piclist 2008\07\16\083609a >
Thread: Servo control questions
www.piclist.com/techref/microchip/ios.htm?key=servo
face picon face BY : email (remove spam text)(Olin Lathrop)



Harold Hallikainen wrote:
> I've wondered what the hardware in these servos really is. It SEEMS
> that maybe they run the PWM through a low pass filter to get an
> analog voltage that they then compare with a pot on the shaft and
> drive the motor with the difference.

No.  Remember, this was all designed when computers filled whole rooms and
nobody was going to put one in a simple RC transmitter or receiver.
Everything is analog based and something you could handle with simple
circuits and cheap components.  So now think how you'd design the system
given these constraints.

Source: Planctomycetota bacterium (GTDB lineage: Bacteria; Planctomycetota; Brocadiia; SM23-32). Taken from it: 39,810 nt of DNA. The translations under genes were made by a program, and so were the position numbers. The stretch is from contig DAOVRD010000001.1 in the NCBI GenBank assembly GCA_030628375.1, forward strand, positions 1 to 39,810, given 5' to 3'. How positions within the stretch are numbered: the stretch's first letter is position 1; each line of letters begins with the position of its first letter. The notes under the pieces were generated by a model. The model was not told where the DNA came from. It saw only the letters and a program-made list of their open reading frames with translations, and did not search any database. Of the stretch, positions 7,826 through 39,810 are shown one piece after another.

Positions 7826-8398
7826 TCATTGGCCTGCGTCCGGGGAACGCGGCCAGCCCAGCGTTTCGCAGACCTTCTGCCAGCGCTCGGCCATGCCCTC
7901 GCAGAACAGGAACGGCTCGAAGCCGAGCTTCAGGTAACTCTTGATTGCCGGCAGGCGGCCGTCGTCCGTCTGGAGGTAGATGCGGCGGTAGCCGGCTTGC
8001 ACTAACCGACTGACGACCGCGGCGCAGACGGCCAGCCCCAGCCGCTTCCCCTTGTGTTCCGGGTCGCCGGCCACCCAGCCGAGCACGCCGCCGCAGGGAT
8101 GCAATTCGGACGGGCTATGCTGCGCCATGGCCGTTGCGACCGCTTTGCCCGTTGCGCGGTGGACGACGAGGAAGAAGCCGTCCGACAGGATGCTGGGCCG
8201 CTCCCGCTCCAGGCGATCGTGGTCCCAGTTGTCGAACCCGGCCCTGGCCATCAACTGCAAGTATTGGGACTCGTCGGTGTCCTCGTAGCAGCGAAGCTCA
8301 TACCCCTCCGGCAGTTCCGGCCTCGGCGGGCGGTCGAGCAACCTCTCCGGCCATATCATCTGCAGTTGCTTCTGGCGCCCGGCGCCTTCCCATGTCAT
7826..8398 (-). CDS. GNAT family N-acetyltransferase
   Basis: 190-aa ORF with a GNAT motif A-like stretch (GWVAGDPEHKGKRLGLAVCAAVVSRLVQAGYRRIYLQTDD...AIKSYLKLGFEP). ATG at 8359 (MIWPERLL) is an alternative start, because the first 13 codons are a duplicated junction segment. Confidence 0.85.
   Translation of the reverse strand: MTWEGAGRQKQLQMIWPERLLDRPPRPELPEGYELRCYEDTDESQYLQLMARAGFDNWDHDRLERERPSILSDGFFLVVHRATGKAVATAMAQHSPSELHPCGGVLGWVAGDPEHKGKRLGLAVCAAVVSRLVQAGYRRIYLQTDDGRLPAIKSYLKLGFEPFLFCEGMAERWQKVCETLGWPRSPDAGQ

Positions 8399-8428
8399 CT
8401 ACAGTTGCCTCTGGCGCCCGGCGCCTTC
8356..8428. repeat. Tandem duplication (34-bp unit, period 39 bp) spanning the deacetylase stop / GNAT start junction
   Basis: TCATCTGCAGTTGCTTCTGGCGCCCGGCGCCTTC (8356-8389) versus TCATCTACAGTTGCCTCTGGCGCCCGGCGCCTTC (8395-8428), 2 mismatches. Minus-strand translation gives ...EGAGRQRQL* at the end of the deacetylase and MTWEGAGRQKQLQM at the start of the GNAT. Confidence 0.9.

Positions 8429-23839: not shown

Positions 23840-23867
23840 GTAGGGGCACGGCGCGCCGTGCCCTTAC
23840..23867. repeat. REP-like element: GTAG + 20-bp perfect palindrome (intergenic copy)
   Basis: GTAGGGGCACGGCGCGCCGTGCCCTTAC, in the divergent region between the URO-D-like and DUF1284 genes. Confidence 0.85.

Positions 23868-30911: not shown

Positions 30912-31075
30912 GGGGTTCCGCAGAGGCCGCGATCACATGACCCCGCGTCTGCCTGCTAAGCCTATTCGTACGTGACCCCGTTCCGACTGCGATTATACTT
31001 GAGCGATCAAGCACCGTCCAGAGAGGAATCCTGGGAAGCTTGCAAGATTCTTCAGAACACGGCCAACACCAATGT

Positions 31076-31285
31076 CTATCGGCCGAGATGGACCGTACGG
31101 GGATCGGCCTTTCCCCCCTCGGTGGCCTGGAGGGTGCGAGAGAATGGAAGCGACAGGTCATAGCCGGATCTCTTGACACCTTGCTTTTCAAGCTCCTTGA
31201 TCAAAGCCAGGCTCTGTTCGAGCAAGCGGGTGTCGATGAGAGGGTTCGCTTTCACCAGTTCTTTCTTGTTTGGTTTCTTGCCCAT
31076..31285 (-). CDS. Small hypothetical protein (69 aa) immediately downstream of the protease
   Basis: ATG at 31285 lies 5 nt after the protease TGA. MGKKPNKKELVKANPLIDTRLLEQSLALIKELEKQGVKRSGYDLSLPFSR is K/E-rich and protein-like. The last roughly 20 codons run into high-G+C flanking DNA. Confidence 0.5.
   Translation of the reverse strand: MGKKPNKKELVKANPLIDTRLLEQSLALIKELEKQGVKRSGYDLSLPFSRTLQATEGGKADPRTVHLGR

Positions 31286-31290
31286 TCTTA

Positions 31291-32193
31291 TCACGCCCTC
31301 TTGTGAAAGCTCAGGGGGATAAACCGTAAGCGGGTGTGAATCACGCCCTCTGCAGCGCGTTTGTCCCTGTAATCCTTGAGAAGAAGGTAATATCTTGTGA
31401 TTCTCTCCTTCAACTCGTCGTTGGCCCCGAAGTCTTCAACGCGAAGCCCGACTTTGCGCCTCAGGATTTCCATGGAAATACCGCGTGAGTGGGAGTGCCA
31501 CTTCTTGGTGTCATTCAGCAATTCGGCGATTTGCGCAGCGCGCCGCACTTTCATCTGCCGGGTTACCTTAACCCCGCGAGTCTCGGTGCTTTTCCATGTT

The transmitter provides a pulse occasionally, and the data is encoded in
the width of this pulse.  Since it's RF, you can't rely on any one pulse
making it thru, so relying on average duty cycle doesn't make sense.  That's
why your DC level didn't work.

In the servo, a low input level keeps a integrator reset.  When the pulse
goes high, the integrator starts integrating, creating a linearly rising
voltage.  At the pulse trailing edge, this voltage is saved in a sample and
hold.  The sample and hold output is the analog drive voltage the servo
adjusts the motor to.

The "integrator" can be as simple as a resistor and capacitor with a
transistor for resetting.  So it's not perfectly linear.  Oh well.  The
sample and hold also doesn't need to be all that accurate or fancy.  This is
why servos act strange when you don't give them a pulse for a while.  The
sample and hold output starts to drift.  These were designed to be refreshed
every 20mS, with the ability to ride out one or two consecutive missing
pulses.

With the current state of microcontrollers, it's possible that some servos
use them instead of the analog electronics the interface scheme was
originally designed for.  I'm guessing a large number probably don't though.


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